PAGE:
Investments in the European logistics and industrial markets totaled â¬15.2 billion in 2013, increasing 73 percent from the previous year, and marked the second highest volume in the last 10 years.
The share of logistics and industrial investment increased to 10 percent of all commercial real estate volumes, growing from a five-year average of eight percent, according to a report from Jones Lang LaSalle.
"The spike in volumes was fueled by an improving macro-economic landscape, falling vacancy levels, a tightening of supply and occupational demand driven by factors such as the continued growth of e-commerce and changing shape of retail markets," Tom Waite, Director European Capital Markets in JLL, said in the report. "This has led to some downward yield movements in a number of markets, which we expect to see continuing in 2014."
The ability to build scale across the region, the returning availability of debt and the possibility of capturing rental and capital growth continue to attract investors, Mr. Waite said.
Platform and portfolio deals accounted for almost half of the total volume in 2013, increasing a whopping 130 percent year-over-year as the range of international investors seeking more exposure grows.
On the other hand, inter-regional capital flows increased to â¬6.2 billion, growing 77 percent from 2012.
Europe's traditional markets - the U.K., Germany and France - continued to dominate in 2013. However, investors ventured into deals elsewhere due to a lack of prime product and continued yield compression in the top markets.
In 2013, investment volumes outside of the top three markets accounted for 45 percent of all volumes, increasing from a 30 percent share in 2012.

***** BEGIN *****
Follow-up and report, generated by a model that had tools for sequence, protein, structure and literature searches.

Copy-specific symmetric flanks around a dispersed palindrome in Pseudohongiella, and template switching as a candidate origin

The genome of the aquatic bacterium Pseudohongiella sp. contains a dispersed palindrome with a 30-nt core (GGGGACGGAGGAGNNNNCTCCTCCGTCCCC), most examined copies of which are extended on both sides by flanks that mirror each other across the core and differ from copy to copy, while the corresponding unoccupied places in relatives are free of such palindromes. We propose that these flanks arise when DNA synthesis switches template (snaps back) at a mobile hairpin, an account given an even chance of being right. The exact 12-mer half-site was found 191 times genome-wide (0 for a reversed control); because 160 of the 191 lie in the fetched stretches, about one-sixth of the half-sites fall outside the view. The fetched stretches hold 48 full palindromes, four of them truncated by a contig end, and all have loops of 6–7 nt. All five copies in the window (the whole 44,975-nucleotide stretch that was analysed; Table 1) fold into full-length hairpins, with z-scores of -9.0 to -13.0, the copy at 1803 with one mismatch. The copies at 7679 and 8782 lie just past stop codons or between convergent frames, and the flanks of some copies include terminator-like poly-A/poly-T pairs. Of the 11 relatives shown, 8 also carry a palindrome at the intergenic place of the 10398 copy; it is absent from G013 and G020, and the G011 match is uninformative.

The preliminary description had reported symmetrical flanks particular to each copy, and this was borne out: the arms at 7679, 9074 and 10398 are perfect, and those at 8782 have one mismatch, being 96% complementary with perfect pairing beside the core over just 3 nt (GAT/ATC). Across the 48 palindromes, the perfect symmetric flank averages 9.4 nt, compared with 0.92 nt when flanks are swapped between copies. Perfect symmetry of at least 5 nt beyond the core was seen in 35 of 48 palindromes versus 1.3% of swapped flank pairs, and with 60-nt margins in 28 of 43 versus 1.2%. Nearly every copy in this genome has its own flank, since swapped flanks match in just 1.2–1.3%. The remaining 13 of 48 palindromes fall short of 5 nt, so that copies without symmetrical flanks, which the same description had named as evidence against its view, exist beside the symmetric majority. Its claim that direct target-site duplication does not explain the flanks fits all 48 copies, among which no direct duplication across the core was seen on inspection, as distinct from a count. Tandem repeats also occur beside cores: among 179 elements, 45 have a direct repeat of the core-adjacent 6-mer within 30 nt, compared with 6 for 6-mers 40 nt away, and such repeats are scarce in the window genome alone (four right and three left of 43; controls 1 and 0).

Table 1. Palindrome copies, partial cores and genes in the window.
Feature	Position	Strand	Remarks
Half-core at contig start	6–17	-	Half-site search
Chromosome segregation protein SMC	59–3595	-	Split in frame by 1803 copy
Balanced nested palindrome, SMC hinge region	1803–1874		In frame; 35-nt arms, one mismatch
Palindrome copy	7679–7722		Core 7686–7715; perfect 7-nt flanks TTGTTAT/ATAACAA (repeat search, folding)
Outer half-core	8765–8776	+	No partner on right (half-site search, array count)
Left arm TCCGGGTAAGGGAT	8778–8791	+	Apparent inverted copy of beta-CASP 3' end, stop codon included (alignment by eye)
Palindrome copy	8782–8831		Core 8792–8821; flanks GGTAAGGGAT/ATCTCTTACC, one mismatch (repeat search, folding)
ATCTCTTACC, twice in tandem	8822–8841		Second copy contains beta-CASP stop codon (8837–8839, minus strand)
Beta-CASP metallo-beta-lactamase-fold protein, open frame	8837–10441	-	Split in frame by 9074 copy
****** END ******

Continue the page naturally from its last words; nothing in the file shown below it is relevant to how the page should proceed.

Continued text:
Full-year investment volumes in the Nordic countries and the Benelux increased by a strong 84 percent and 44 percent, respectively. Russia, meanwhile, recorded â¬800 million in transactions last year, dominated by a small number of domestic investors.
In the final quarter of 2013, strong investor demand led to the weighted European average yield moving 10 basis points quarter-on-quarter to 7.30 percent.
The firm expects to see strong logistics and industrial transaction volumes this year, which are forecast to exceed the 2006 peak of â¬16 billion, with occupier demand for logistics units driven by structural change in supply chains.
"Short term this change will be dominated by the evolving e-commerce markets as retailers are now forced to offer an omni-channel retail experience to their customers to remain competitive," said Alexandra Tornow, Head of EMEA Logistics & Industrial Research at JLL. "In addition, over the medium term, we already see several other trends emerging that will increasingly impact on logistics real estate strategies, including 3D-printing and climate change."